HBO has renewed "Deadwood" for a third season. The western drama will begin production later this year of 12 episodes to debut in 2006, the pay cable network announced yesterday.
HBO Entertainment President Carolyn Strauss said in the announcement that "Deadwood" has connected with subscribers and critics. Her statement was followed by excerpts from some of the show's many rave reviews.
HBO is pulling out all the stops for its revisionist western "Deadwood." Creator David Milch demonstrates the finer points of cart-pulling for actors Larry Cedar and Peter Jason.
(Kevork Djanesezian -- AP)
| ___ Arts & Living___ News about the television industry, reviews of shows and more can be found on our Television page. |
See what's on TV today, tomorrow or next week with the TV Grid.
Regarding subscribers: In its four episodes so far this season, "Deadwood" has averaged about 3 million viewers on Sunday nights. In its first season, the series averaged about 4.5 million viewers on Sundays, but in those days it had a "Sopranos" lead-in of nearly 10 million viewers on average. These days it gets by with a talk-about-incompatible-programming lead-in, "Sex and the City," which averages about 1.3 million viewers.
That, coincidentally, is about the same number of viewers who watched the past season finale of HBO's "The Wire" in December.
The network recently announced it had renewed "The Wire" for a fourth season, despite the show's low ratings. In its most recent season, "The Wire" averaged about 1.5 million viewers on Sundays against ABC's freshman ratings magnet "Desperate Housewives."
HBO has ordered 12 more episodes of "The Wire," also to air next year, that will look at the role of the educational system in an urban environment.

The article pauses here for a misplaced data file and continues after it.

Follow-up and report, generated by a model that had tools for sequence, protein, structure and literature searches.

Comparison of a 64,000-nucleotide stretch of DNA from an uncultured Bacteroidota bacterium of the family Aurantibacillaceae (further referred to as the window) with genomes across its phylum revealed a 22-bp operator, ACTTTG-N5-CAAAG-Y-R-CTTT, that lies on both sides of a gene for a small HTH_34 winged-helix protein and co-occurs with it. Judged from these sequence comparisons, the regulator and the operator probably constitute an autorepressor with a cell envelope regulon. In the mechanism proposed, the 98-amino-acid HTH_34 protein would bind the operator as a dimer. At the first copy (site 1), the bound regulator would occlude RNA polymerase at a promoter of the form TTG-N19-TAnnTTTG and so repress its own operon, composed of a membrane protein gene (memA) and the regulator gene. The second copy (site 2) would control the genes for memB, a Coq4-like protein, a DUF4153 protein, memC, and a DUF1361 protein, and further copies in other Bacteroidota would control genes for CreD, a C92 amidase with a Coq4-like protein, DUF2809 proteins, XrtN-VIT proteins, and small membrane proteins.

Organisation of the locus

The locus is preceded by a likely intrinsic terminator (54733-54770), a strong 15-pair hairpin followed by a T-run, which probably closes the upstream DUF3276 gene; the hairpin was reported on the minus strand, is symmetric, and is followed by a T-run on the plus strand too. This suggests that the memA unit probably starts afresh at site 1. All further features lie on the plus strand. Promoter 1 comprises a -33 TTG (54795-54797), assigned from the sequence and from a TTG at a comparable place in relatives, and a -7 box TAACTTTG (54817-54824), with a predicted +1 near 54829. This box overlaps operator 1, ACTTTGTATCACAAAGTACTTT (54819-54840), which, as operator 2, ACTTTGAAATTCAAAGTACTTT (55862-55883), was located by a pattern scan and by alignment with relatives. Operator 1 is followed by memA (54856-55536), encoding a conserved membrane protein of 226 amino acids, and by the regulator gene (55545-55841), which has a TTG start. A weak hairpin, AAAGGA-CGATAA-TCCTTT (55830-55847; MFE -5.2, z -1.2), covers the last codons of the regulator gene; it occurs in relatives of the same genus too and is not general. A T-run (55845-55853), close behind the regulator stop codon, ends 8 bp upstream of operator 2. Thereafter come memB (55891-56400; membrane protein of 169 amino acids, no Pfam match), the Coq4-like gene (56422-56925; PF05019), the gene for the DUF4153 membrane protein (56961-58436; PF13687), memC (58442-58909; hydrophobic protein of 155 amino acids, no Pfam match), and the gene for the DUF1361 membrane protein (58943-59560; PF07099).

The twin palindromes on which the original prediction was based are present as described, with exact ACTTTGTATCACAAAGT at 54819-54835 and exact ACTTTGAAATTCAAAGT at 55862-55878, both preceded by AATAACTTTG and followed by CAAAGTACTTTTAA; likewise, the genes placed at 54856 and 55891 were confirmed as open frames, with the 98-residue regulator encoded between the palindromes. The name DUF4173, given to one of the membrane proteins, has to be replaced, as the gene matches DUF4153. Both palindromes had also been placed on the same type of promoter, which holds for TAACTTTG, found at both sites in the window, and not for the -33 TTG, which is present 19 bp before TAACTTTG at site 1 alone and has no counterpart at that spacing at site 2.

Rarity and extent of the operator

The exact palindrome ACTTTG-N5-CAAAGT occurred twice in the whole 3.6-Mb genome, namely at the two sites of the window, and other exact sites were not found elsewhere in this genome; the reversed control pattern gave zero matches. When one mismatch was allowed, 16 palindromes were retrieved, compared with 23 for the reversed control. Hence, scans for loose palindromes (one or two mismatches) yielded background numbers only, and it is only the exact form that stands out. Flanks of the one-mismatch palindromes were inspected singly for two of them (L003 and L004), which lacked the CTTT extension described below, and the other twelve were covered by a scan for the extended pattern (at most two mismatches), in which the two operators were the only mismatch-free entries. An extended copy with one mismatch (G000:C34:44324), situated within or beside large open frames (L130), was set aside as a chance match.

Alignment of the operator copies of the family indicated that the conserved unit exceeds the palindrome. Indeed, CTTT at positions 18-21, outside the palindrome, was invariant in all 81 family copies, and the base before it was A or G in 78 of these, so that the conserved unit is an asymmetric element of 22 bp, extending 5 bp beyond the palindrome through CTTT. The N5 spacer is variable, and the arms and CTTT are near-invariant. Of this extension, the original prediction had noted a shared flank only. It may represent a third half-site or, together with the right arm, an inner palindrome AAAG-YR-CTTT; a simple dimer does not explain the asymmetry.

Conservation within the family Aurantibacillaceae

The show's first season viewed the national drug war through the microcosm of a West Baltimore housing project; the second season focused on a longshoremen's union; the third put the spotlight on Baltimore's fictional political leadership.
Tucker Carlson's PBS series will not be back for a second season, the public broadcaster announced yesterday.
WETA, which produced the short-lived show, blames the fact that Carlson is relocating for his new MSNBC series.
"Carlson's new nightly program with MSNBC and resultant relocation to the New York City area made it operationally impossible for the series to continue," WETA said yesterday in a news release announcing the end of the show, which debuted in June.
Carlson, in the announcement, said he was disappointed and that the folks at public TV had been "decent" and kind.
"Tucker Carlson: Unfiltered" launched June 18, 2004, while he still had his gig at CNN; it was carried by 93 percent of PBS stations on weekends and Friday nights.
Shortly before "Unfiltered" debuted, critics asked PBS chief Pat Mitchell why she was giving Carlson a series after she had repeatedly lectured them that the point of continuing the your-tax-dollars-at-work network was to give voice to those who can't be heard on other networks, while Carlson was gainfully employed at CNN.
Mitchell responded that it would be unfair to "box Tucker in to having only one opportunity in his career."